A Nigerian Islamist group that killed seven foreign hostages it had been holding since February has posted a video of their bodies on the Internet.
Italian and Greek authorities confirmed on Sunday that a British, an Italian, a Greek and four Lebanese construction workers abducted in northern Nigeria last month had been killed by their captors.
British foreign secretary William Hague said it was "very likely" they were dead, calling it "an act of cold blooded murder." Nigerian authorities have thus far refused to confirm or deny the killings.
The silent video published by the al-Qaeda linked group dated March 9 shows a gunman standing next to a pile of bodies, then a series of close-ups of their faces lit up by a torch.
It is entitled in Arabic "The Killing of the seven Christian hostages in Nigeria." A caption underneath says in Arabic and in English: "In the name of Allah Most Beneficient Most Merciful".
The workers were seized from the premises of Lebanese construction firm Setraco in the remote town of Jama'are in the northern state of Bauchi.
About a week after they were taken, the group claimed responsibility and said it was because of "atrocities done to the religion of Allah by the European countries in many places such such as Afghanistan and Mali". The British foreign office named the British hostage as Brendan Vaughan. An intelligence source in the Nigerian capital Abuja named the Italian as Silvano Trevisan, adding that he had been suffering from hypertension and heart problems.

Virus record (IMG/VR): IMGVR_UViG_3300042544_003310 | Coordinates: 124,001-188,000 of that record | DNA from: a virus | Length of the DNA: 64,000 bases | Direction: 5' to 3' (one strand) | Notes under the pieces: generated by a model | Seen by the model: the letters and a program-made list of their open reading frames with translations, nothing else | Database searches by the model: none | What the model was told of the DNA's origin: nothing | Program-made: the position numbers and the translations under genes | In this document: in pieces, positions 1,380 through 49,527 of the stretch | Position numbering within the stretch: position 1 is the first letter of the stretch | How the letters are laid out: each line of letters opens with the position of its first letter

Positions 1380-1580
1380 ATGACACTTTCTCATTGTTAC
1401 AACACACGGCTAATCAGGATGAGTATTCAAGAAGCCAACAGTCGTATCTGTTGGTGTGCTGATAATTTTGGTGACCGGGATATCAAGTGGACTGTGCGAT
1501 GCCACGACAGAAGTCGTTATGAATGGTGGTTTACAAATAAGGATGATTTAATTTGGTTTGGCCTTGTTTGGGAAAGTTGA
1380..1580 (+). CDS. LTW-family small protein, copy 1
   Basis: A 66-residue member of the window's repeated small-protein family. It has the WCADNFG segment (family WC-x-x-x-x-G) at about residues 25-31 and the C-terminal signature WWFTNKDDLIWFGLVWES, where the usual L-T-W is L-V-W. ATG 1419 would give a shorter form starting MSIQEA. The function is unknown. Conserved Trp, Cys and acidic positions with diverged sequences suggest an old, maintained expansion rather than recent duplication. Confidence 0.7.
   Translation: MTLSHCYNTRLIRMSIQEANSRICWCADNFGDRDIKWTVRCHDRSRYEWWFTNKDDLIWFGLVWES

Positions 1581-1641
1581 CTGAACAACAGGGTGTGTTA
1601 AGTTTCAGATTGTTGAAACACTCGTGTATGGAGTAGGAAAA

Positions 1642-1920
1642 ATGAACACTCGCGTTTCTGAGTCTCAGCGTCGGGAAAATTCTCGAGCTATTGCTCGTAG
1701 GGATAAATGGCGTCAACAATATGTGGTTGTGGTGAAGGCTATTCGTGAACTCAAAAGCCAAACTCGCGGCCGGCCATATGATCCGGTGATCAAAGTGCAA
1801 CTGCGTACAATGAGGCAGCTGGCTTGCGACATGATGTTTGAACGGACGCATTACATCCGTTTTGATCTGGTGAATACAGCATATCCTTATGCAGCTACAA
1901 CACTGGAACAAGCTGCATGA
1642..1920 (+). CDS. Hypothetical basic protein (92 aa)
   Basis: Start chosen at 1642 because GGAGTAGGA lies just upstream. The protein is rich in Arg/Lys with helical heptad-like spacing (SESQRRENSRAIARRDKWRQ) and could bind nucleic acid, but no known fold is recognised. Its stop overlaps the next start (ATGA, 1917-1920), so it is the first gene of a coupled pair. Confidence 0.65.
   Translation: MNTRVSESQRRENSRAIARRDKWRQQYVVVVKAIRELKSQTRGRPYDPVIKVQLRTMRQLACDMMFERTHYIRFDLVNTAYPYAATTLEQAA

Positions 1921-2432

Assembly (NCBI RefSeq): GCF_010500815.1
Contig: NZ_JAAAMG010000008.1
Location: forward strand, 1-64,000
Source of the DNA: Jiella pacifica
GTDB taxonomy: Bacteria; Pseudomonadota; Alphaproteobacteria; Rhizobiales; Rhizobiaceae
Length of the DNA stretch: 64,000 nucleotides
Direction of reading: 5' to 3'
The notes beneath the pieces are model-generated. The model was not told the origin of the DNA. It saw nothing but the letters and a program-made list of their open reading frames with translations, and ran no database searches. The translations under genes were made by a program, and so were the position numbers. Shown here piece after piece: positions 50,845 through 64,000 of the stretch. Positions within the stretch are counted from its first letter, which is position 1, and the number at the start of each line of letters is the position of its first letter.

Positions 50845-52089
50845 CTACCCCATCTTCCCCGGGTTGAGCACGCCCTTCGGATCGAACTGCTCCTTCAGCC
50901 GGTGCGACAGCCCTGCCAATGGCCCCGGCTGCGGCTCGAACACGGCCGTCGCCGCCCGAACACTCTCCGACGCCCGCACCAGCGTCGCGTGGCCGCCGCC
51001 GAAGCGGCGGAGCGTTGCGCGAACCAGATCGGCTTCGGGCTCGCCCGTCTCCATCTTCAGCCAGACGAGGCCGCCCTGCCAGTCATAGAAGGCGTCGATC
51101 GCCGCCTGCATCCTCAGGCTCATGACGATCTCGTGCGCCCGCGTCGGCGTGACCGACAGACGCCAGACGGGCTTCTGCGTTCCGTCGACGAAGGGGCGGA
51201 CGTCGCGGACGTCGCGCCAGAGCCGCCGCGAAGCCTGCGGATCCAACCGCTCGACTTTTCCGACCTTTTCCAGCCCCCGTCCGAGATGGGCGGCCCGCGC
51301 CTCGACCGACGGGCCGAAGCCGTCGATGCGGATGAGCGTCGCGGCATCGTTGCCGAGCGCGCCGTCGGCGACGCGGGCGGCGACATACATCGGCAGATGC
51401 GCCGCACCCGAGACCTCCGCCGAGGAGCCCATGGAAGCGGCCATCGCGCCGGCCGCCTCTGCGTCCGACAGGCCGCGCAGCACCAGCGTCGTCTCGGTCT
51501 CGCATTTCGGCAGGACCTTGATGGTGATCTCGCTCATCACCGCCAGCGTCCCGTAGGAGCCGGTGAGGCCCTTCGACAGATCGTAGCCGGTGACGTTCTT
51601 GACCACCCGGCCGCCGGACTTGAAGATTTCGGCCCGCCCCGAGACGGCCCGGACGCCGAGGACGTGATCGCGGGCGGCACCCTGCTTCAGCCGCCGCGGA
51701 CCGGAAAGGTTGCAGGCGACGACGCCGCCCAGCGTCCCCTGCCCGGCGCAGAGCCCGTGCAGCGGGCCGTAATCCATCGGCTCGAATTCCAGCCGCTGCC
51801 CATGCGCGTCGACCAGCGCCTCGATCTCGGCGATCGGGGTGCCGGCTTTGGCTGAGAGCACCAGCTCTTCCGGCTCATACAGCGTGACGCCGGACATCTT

The group killed a British and Italian hostage in northwest Nigeria during a failed rescue mission by British and Nigerian forces a year ago. Italy and Greece both said there had been no attempted rescue of the foreign hostages this time around, although Britain has not commented.
Attacks by Islamist groups in northern Nigeria have become the biggest threat to the stability of Africa's top oil producer. Western governments are concerned Nigerian Islamists have forged growing ties with groups elsewhere in the region, including al Qaeda's North African wing.
French intervention to flush Islamist groups out of northern Mali has greatly increased the risk posed by Islamists to Western interests in countries north and west Africa -- a risk highlighted by the dramatic attack on an Algerian gas plant in January in which at least 37 foreigners were killed.
Ansaru declared itself a separate group from Boko Haram in January, although security officials believe them to be closely linked. Its full name is Jama'atu Ansarul Musilimina Fi Biladis Sudan ("Vanguards for the Protection of Muslims in Black Africa").